A mezzanine floor is an intermediate floor which is built between two main floors or the floor and ceiling of a building. They are designed to cover a specific area of a building rather than extending over the entire floor space. Mezzanines are installed to maximise unused vertical space, providing additional room above and below and can be built free of existing structures. Industrial settings are some of the most common places a mezzanine is built due to their high-ceilings and are usually free-standing, semi-permanent structures. Mezzanines are often custom-made, manufactured from detailed drawings and tailored to the needs and specifications of a client. Typically, mezzanines are constructed from steel and can be tailored to suit their settings.
Key components of a mezzanine floor:
- Primary beams – These are the main support of the mezzanine which span across the columns
- Purlins or joists – These spans between the primary beams are the fixing points for the decking
- Columns – They are designed to support the primary beams and the load bearing is distributed evenly across the columns which uphold the mezzanine
- Decking – The 38mm particle board is the most commonly fitted option, however other varieties include grating, durbar plate, concrete and composite decking
Mezzanine Floor Diagram:
Mezzanine Types Explained
There are a number of different mezzanine floor types available, suitable for a range of different applications, these include:
38mm Particle Board
High density particle board is a versatile flooring option suitable for warehouse, storage, office, and retail applications. This type of mezzanine flooring can handle medium to high point loads and is a great cost-effective option.
Forge Welded Grating
Made with a fusion of cross rods and bearing bars, forge welded grating is a rigid and heavy-duty flooring option, best suited to industrial environments such as warehouse flooring, working platforms and gangways.
Durbar plating is made from hot-rolled steel and is highly robust and durable. With a long performance life and heat-resistance up to temperatures of 500°C, it’s best suited for warehouse and logistics premises, stairs, walkways and safety platforms.
For premises where structural performance is key, composite concrete decking is the ideal choice. Made out of high-grade galvanised steel and particle board, it can absorb extremely heavy loads, and is perfect for commercial, automation and manufacturing premises.
Mezzanine Floor Ancillaries
This secures the exposed edges of the mezzanine. For industrial premises, edge-protection includes both the handrail and toe plate. For public-facing environments, the most common design is a glass balustrade system.
The staircase provides access to the mezzanine floor and comes in a variety of designs for industrial premises and public use. The UK Building Regulations determine which type of staircase a building will need, taking into consideration the number of persons, travel distances and fire protection.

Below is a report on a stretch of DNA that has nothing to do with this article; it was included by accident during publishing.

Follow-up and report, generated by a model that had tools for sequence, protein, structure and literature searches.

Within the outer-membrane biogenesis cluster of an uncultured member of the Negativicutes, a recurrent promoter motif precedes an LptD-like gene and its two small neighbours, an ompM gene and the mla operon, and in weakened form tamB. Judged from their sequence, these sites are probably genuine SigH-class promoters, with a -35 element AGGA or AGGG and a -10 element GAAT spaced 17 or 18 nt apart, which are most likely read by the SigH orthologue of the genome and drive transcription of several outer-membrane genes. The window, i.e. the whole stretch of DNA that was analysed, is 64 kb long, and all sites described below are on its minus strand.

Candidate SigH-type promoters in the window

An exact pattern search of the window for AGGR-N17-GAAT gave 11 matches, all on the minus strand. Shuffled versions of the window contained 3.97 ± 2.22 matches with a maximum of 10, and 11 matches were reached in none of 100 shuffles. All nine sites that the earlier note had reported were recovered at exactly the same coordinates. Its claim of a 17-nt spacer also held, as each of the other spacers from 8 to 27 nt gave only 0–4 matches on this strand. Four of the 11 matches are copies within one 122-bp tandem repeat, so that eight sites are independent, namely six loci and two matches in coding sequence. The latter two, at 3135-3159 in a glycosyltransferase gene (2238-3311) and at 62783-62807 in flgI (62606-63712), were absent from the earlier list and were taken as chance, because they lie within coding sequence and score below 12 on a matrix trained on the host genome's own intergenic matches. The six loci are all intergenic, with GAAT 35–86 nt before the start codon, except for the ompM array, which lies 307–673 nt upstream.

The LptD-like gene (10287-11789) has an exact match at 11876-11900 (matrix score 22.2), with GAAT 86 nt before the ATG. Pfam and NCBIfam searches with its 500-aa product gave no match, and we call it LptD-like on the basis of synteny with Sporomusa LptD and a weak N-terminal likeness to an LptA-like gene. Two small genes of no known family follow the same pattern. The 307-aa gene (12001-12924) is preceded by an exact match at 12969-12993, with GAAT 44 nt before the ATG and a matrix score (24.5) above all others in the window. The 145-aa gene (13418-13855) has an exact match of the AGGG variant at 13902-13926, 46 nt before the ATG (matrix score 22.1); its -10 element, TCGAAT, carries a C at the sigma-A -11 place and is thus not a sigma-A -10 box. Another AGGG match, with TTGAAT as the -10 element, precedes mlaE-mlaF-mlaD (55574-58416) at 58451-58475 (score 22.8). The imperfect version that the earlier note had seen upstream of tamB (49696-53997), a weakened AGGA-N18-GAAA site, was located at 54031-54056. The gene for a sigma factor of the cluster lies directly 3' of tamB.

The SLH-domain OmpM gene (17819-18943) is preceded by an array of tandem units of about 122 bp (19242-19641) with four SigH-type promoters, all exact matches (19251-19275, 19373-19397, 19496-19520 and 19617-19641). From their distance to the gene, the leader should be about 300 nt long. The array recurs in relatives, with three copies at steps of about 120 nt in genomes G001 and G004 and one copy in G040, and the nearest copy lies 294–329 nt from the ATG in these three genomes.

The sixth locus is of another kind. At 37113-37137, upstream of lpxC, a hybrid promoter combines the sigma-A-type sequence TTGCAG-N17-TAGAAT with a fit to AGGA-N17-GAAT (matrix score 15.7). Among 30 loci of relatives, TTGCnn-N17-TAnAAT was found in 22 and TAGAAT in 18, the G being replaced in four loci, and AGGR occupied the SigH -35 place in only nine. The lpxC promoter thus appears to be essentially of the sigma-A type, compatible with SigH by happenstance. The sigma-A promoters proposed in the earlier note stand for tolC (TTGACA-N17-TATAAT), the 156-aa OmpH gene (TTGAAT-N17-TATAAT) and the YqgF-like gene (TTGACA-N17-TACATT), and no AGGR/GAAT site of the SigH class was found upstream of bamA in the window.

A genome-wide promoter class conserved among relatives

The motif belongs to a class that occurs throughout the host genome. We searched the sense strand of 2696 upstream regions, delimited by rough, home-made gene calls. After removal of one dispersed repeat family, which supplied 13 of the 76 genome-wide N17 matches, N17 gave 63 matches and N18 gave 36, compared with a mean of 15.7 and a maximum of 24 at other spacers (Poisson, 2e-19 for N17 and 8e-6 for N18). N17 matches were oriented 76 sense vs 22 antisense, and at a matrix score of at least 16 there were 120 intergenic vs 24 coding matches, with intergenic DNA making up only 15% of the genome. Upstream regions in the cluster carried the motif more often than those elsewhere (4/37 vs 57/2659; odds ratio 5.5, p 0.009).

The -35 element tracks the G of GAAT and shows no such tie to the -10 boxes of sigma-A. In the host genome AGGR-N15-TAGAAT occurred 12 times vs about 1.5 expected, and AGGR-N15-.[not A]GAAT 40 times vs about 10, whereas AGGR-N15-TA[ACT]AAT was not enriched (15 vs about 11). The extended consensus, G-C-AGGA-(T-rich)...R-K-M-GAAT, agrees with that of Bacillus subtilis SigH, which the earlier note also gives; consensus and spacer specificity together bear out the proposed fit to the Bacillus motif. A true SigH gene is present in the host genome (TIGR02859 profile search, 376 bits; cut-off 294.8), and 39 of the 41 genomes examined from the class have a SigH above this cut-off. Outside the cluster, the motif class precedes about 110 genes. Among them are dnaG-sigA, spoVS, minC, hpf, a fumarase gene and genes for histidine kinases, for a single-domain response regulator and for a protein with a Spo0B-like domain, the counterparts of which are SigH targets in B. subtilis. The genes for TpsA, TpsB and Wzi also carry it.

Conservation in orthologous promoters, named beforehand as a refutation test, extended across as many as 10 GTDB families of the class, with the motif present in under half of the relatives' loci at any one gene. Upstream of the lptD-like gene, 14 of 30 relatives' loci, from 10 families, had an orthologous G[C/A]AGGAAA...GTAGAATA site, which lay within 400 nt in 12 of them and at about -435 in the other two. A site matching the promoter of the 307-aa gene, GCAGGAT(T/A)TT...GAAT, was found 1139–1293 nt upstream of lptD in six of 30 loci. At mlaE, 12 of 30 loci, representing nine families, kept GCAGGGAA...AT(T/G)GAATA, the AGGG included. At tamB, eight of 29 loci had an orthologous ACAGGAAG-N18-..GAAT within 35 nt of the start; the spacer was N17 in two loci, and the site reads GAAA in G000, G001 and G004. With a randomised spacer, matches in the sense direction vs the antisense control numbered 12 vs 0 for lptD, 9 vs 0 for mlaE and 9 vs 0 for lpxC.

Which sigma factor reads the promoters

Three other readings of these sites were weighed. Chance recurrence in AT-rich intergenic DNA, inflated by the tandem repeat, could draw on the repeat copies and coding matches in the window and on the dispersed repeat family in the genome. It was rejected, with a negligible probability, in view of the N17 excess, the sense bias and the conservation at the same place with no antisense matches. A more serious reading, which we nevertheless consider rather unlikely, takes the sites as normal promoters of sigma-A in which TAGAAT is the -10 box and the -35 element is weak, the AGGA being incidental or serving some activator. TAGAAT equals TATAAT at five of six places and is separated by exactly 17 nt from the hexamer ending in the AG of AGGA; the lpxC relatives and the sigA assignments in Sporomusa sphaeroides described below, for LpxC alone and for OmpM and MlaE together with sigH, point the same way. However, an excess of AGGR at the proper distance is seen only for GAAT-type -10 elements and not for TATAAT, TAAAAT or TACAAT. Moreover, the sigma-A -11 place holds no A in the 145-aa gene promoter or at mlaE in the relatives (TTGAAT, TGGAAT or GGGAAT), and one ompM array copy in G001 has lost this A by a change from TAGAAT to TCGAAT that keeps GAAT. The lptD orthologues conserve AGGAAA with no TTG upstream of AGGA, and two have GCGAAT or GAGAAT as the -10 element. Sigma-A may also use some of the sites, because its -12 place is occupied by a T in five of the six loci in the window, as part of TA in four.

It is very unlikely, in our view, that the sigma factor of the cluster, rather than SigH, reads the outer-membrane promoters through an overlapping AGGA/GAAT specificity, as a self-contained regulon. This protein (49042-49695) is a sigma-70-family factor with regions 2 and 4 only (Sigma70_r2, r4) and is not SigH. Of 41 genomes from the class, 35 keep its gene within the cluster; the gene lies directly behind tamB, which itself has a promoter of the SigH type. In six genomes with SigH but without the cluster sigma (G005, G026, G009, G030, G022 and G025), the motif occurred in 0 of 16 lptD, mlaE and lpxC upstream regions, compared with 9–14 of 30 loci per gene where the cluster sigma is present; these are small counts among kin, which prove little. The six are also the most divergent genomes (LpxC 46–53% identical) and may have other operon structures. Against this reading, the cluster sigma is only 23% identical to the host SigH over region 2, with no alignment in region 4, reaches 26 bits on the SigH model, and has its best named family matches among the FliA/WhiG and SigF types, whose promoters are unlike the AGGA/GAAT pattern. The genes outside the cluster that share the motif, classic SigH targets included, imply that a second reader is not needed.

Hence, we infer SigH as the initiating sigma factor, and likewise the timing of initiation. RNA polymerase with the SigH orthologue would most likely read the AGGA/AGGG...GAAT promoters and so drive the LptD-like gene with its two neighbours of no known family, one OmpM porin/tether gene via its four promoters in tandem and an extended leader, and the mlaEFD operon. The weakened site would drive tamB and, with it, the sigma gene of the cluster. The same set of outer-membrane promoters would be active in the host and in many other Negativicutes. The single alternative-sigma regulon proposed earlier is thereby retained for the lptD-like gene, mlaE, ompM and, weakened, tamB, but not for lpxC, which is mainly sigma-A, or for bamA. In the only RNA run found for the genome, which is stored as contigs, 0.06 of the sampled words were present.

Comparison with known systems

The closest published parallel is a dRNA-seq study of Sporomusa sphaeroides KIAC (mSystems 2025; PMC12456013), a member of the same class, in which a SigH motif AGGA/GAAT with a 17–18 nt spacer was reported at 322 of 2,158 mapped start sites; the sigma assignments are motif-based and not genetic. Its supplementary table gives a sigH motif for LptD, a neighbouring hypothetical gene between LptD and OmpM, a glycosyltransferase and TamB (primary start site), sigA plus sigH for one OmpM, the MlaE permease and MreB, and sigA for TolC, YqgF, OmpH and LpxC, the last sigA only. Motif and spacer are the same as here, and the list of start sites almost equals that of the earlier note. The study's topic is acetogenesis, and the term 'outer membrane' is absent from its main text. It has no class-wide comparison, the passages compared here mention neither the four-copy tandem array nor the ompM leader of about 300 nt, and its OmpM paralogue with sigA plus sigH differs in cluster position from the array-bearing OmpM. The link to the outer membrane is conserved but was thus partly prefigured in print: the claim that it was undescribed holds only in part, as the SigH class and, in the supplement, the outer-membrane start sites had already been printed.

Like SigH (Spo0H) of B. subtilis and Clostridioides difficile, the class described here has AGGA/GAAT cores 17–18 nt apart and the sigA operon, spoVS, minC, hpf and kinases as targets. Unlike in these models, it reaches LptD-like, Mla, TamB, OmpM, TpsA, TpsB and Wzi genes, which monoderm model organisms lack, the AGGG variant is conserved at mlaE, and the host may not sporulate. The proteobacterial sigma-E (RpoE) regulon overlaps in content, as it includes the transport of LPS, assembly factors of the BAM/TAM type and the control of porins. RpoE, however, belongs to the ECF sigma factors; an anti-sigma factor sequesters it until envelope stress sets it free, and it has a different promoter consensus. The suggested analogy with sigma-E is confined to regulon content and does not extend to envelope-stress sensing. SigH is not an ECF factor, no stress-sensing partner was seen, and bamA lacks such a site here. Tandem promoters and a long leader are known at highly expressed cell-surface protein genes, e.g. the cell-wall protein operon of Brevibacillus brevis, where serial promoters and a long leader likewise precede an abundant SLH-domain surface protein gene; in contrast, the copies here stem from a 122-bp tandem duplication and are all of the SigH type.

Many industrial environments opt for pallet gates to assist with loading and unloading materials onto the mezzanine floor. The pallet gates are designed to protect personnel at exposed opening points at the floor edge.
Based on the UK Building Regulations, the appropriate fire protection will be applied to the mezzanine design. Generally, fire protection is required for all circumstances where the mezzanine is used for anything other than storage e.g. offices/public use.
Where can a mezzanine floor be used?
Industrial buildings such as warehouses, distribution centres and factories typically have large building structures which enable full flexibility to install large and complex designs. A range of businesses integrate a multi-tier mezzanine, often using one level for storage or office space and the second level for production purposes.
Mezzanine floors are a very popular feature within public-facing environments such as retail stores. This is due to their ability to increase sales per square foot and provide storage in the back end of the shop. Retail stores pose more stringent regulations as the mezzanine is often designed taking into consideration the existing store layout. In addition, the floor must be fire-rated and the type of stair-casing and handrail needs to be suitable for public use.
How much loading can a mezzanine floor take?
Depending on how it will be used, a mezzanine floor can be designed to take a loading up to 3,000kg/m². The type of decking will also greatly affect the point load as the 38mm particle board will be ideal for most standard installations whereas the composite decking is designed to be extremely robust and durable. Learn more in our video below:
Hi-Level designs, manufactures and installs bespoke mezzanine floors predominantly in commercial and industrial premises throughout the UK and Europe. With over 28 years of experience in a wide range of industry sectors, our team are truly experts at what they do. Throughout the project, you are appointed an experienced Project Manager who will ensure all operations run smoothly. Your contact will assist with any possible contingencies, keeping you in the loop to guarantee a successful project. We have a genuine passion for what we do and are committed to delivering the highest quality product and service.